In urban districts around Ohio where dozens of schools are failing, there are a handful of noteworthy outliers. Dayton Early College Academy, Kilgour Elementary in Cincinnati, and Youngstown Community School are just a few district and charter schools excelling on the state report card.
Critics often argue if these schools can earn top marks, then all the other public schools in those urban communities should be able to succeed too.
But Piet Van Lier, a research analyst with the left leaning think tank Policy Matters Ohio, says its time policy makers, education reformers and public school naysayers stop making apples to oranges comparisons.
“It can be misleading because these schools often serve different populations of students, fewer disadvantaged students, fewer low income kids, fewer kids with disabilities,” he says. He adds that those top performers often enroll a smaller population or select students based on GPA or test scores. That leaves the rest of the urban schools serving students with greater needs, he says.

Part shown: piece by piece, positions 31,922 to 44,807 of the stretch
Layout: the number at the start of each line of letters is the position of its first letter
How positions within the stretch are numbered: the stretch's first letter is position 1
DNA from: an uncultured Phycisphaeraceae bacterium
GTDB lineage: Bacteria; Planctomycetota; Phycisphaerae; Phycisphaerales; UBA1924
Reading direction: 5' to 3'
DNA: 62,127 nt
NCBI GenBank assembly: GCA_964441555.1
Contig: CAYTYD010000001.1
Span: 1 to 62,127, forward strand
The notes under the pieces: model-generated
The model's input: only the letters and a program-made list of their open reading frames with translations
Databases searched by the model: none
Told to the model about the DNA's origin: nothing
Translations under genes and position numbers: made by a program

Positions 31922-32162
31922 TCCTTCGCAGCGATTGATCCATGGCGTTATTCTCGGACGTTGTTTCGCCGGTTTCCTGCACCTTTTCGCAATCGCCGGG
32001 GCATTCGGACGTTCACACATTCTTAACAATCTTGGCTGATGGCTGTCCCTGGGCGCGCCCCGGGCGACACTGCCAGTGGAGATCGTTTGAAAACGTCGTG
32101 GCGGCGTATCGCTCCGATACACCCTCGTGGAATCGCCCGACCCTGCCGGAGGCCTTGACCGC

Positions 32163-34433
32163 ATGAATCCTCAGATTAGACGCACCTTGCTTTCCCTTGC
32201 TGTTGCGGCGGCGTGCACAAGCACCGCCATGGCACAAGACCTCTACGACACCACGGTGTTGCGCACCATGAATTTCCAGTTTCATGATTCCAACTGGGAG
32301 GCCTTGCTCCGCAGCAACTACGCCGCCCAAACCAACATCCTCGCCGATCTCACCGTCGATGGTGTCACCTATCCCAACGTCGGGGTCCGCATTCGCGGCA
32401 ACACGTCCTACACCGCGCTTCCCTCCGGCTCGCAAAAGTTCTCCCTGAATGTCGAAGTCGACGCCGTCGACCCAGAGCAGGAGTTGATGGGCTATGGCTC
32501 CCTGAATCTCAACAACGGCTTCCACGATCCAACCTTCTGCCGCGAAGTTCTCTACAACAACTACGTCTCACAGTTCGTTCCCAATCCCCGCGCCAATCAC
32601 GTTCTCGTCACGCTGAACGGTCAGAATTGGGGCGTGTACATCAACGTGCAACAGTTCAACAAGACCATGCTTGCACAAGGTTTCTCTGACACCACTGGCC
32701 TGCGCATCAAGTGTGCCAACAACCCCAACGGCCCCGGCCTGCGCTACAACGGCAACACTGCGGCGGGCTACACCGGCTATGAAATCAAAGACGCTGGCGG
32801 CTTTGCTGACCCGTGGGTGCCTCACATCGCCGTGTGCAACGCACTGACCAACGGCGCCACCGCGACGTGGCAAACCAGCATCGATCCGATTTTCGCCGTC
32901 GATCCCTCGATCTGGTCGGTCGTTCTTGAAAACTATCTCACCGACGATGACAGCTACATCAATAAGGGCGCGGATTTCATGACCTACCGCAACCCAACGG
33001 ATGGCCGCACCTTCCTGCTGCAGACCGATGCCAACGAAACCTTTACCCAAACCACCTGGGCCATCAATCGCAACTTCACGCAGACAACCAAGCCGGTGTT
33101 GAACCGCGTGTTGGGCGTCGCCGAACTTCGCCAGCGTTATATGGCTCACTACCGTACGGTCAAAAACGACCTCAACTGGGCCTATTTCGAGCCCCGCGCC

Van Lier’s conclusions stem from a new report that compares the demographics of top scoring public schools in Ohio’s eight largest urban school districts. He says telling typical urban schools to replicate the model of their high achieving peers is unrealistic.
“If you’re just focused on replicating the excellent schools, you’re going to miss an entire population and you’re not going to serve your city or your families well,” he says. “We want advocates, policymakers, reporters to be honest about the challenges and avoid misleading comparisons.”
Van Lier says he doesn’t disparage well performing schools for their success. But he hopes his research will redirect the conversation about reforming urban education to focus on the programs that are working well in schools that are struggling.